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The new government of Brazil’s far-right president hit the ground running this week, rushing through changes to put a conservative stamp on the country and trashing the policies of past administrations.
Jair Bolsonaro was sworn in as Brazil’s president on New Year’s Day, taking the reins of Latin America’s largest and most populous nation with promises to overhaul myriad aspects of daily life and put an end to business-as-usual governing.
For the far-right former Army captain, his inauguration was the culmination of a journey from a marginalised and onceridiculed congressman to a leader who many Brazilians hope can combat endemic corruption as well as violence that routinely gives the nation the dubious distinction of being world leader in total homicides.
Seeking to make his mark immediately, the newly installed president hit the ground running on his first day of business, rushing through changes to put a conservative stamp on Argentina’s giant neighbour.
The quick reshaping spoke to Bolsonaro’s desire to reform Brazil while in his initial electoral honeymoon phase, before fractures could appear in his atypical Cabinet or his ad-hoc legislative alliances.
And in the first hours of his leadership of the nation, Bolsonaro targeted Brazil’s indigenous groups, descendants of slaves and the LGBT community with executive orders.
Meanwhile, stock markets jumped more than three percent to record closes as new Cabinet ministers reinforced the government’s intention to privatise state-owned companies. Holdings in Brazilian arms makers surged in reaction to Bolsonaro’s plans to loosen gun controls.
Once inside Congress on January 1, Bolsonaro and his vice-president, retired general Hamilton Mourão, took the oath of office. Bolsonaro then read a short speech reiterating many of the far-right positions he staked out during the campaign.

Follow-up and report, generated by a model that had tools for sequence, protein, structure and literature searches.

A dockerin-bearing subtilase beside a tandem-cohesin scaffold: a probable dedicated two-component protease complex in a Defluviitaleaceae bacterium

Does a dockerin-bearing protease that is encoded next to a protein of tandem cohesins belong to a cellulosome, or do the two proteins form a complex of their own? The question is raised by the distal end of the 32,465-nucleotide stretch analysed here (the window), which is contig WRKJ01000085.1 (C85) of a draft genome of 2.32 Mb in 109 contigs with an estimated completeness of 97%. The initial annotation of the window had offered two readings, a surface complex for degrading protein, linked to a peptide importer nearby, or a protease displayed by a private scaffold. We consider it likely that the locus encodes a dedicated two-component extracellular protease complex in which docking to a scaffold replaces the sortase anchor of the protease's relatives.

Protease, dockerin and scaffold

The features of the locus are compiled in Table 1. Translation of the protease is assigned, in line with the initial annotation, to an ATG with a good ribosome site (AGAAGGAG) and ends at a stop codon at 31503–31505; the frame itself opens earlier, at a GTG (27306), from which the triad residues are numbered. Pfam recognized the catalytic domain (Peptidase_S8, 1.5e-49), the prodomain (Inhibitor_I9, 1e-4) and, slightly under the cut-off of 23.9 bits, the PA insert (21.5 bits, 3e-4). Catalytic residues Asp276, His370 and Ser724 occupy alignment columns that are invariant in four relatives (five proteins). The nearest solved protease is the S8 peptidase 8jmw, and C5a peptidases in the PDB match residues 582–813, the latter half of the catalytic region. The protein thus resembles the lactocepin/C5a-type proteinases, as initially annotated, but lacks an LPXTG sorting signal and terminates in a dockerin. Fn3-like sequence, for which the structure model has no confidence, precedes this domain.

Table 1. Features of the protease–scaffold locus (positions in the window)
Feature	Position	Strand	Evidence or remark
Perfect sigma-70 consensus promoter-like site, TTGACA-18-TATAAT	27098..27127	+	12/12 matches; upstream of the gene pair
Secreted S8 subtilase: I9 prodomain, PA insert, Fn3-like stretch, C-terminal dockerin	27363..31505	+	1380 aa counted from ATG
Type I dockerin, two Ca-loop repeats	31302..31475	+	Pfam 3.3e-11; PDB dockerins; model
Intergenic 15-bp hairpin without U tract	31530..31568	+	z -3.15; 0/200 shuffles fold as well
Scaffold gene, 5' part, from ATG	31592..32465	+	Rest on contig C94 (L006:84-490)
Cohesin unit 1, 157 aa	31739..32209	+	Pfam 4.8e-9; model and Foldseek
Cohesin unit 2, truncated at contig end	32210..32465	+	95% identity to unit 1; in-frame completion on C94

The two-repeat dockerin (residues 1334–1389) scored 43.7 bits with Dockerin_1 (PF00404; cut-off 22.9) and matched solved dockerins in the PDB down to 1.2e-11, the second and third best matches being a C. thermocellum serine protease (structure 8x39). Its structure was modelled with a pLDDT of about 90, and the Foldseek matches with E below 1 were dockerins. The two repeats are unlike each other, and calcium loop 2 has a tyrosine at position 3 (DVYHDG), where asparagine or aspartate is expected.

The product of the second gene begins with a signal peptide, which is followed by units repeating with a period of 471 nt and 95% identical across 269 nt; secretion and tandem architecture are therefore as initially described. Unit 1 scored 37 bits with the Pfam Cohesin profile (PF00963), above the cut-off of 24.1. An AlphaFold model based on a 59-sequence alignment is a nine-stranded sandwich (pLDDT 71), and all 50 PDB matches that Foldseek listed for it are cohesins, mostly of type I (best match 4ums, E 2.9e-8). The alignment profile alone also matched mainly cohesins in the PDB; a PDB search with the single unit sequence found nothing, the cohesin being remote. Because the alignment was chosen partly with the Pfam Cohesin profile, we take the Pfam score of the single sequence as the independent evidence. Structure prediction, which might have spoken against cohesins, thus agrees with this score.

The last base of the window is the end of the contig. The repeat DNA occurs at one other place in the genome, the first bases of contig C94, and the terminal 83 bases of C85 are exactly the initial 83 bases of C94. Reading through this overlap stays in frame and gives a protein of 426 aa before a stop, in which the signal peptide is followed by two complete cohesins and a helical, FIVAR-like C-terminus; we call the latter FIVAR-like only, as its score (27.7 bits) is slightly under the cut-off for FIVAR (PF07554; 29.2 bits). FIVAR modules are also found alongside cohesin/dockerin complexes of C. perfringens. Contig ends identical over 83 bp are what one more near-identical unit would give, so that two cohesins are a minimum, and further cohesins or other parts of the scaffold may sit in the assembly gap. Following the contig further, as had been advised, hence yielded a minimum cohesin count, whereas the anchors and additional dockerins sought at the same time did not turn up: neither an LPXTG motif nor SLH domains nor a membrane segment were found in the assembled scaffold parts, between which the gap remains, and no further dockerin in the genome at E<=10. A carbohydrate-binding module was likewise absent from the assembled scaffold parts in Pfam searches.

He promised to combat the “ideology of gender” teaching in schools, “respect our JudeoChristian tradition” and “prepare children for the job market, not political militancy.”
“I call on all congressmen to help me rescue Brazil from corruption, criminality and ideological submission,” he said.
A short time later, Bolsonaro spoke to thousands of supporters outside, promising to “free Brazil” from socialism and political correctness.
During Tuesday’s speech, Bolsonaro stopped at one point, pulled out a Brazilian flag and wildly waved it, prompting roars from the crowd.
“Our flag will never be red,” Bolsonaro said, a reference to communism. “Our flag will only be red if blood is needed to keep it green and yellow.”
After taking office, Bolsonaro wasted no time in seeking to put his stamp on the nation.
One of the executive orders issued late Tuesday, hours after his inauguration, will likely will make it all but impossible for new lands to be identified and demarcated for indigenous communities. Areas set aside for “quilombolas,” as descendants of former slaves are known, are also affected by the decision.
Another order removed the concerns of the LGBT community from consideration by the new Human Rights Ministry.